In a sweeping crackdown on hate speech, Twitter suspended dozens of accounts linked to the alt-right movement. One of the most notable suspended users is a well-known American nationalist who owns an alternative right think tank: Richard Spencer.
The alt-right movement emerged as an alternative to mainstream conservatism. It had its debut on social media where its representatives touted white nationalist views. Spencer once said America would be better off without Blacks, Latinos, Jews, and Hispanics.
Spencer and Dozens More Lost their Twitter Accounts
On Tuesday, the microblogging site suspended several of Spencer’s accounts including those of his magazine (@radixjournal) and think thank (@npiamerica).
Spencer called the move “corporate Stalinism” in a recent interview. He also suggested in a YouTube video that Twitter actively seeks to cleanse the platform of alt-right views. He noted that while he is “alive physically,” alt-right people are being purged “digitally” by execution squads.
“There is a great purge going on and they are purging people based on their views,”
Twitter explained that it will suspend accounts that abuse and harass other users. But the site declined to provide context to the recent suspensions. Other prominent alt-right members lost their accounts including John Rivers, Pax Dickinson, Paul Town, and Ricky Vaughn.
The Alt-right endorsed Trump and Twitter was their platform of choice. The real estate billionaire also used the site to keep in touch with his supporters. But alt-right members’ extreme views offended many Twitter users while they cited free speech.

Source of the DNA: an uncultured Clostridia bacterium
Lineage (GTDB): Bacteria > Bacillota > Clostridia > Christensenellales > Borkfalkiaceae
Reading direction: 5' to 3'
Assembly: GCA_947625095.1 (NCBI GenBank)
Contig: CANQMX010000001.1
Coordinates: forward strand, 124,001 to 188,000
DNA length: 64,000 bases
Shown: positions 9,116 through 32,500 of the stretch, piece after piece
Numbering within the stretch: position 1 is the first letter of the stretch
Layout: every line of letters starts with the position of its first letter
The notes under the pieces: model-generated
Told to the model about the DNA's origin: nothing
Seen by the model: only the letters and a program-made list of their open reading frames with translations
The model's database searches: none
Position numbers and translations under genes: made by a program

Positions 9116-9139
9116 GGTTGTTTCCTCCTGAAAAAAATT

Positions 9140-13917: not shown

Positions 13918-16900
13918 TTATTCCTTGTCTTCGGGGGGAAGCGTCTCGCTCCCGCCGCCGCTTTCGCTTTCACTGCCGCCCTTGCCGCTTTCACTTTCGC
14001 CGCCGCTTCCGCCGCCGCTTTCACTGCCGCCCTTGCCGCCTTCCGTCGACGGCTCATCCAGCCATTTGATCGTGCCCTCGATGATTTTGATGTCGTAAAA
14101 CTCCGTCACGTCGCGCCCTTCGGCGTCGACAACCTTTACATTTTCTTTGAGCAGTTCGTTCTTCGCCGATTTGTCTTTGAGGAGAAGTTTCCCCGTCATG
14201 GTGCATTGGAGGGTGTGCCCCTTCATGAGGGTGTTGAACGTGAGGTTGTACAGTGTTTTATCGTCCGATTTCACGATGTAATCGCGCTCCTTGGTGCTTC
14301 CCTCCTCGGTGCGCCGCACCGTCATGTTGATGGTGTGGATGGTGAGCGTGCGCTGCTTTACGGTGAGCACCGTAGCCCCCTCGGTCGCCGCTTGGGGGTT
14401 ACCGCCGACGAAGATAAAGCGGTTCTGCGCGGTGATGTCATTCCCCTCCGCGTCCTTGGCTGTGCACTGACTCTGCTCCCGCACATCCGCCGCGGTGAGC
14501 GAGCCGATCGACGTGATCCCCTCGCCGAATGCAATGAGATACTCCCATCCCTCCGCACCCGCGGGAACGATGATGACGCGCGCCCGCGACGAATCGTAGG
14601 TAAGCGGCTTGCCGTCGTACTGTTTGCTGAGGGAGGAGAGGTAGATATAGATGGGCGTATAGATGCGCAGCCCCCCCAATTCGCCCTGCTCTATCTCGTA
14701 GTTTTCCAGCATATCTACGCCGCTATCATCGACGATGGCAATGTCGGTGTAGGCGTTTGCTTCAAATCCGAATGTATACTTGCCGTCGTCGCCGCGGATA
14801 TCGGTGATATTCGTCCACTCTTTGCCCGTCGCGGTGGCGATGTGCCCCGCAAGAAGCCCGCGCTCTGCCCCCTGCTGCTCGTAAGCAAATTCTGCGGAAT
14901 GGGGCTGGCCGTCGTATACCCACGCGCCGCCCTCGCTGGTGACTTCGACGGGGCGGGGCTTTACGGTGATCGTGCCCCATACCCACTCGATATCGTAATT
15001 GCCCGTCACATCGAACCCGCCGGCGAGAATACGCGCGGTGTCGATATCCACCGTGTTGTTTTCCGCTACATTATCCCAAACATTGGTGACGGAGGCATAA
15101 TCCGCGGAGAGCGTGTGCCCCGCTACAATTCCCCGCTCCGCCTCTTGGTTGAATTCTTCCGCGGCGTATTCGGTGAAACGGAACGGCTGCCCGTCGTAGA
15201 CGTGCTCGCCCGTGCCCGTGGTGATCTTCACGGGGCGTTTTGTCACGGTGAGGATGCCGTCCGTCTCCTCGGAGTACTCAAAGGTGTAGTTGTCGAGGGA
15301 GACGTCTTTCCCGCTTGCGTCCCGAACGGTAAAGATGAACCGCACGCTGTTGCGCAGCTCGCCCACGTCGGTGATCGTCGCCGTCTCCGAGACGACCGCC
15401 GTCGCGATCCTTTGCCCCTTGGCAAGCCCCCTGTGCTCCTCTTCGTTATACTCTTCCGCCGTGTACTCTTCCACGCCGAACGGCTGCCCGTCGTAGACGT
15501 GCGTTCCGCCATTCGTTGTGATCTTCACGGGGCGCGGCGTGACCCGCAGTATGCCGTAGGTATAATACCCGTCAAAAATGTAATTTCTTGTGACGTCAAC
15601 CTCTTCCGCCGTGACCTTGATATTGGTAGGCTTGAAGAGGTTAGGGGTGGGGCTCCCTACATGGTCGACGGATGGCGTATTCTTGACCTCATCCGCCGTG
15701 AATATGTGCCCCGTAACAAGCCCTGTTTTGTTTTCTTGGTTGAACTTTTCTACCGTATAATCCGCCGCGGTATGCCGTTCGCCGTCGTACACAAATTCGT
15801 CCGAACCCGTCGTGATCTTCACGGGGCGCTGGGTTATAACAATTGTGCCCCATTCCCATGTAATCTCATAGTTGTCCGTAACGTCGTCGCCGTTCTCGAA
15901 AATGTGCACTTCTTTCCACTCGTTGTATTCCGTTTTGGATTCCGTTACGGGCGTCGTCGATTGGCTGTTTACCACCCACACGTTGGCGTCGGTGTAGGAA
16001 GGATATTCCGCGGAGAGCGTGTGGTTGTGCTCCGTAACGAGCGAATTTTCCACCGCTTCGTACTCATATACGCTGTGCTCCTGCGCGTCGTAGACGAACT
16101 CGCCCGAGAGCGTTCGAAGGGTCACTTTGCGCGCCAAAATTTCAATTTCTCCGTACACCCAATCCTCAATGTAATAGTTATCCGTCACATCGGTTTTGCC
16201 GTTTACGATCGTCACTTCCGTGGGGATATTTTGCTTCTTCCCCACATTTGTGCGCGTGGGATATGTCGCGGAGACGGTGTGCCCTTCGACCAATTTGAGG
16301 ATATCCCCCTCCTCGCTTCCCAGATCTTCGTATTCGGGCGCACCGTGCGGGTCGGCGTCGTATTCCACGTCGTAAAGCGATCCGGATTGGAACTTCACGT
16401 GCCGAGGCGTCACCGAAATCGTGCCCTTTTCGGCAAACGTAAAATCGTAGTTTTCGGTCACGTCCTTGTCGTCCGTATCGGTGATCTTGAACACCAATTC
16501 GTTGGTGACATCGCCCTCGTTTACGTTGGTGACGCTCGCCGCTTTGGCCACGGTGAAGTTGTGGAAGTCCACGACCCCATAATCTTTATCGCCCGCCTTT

“The rather naive days of ‘let free speech roam no matter what’ are kind of over,”
commented the founder of Family Online Safety Institute, Stephen Balkam.
Balkam’s organization is a member of Twitter’s trust and safety council.
This week, Twitter will release a new feature that will allow users to “mute” trolls, phrases, keywords, and even entire conversations. The feature will make alerts about racial insults and hurtful comments unnecessary. Twitter users are already able to remove unwanted tweets from their timeline.
In a recent blog post, the tech firm explained that “abusive conduct” silences all perspective on a particular issue. Also, in some cases, such behavior is a threat to “human dignity” which the company vowed to protect.
Nevertheless, “muting” hashtags and conversations from notifications will not remove them from timeline and search results. Twitter, on the other hand, is confident the move would help reduce “negativity.”
The Southern Poverty Law Center, which asked Twitter to ban about 100 accounts of white nationalists, commented on the developments. SPLC thinks many of these accounts violated the micro-blogging site’s terms of service. The organization hopes that Twitter now sticks to its promises and suspends the accounts of “well-known white supremacists” in violation of terms of service.
It is not the first time the platform suspends alt-right accounts. But never before has it banned so many at once. In July, Twitter banned the account of a Breitbart News contributor Milo Yiannopoulos. The writer reportedly engaged in a campaign to spam comedian Leslie Jones with sexist and racist remarks. Spencer acknowledged that Milo’s actions qualify as harassment. But he added that he and the rest of people banned recently “weren’t even trolling.”
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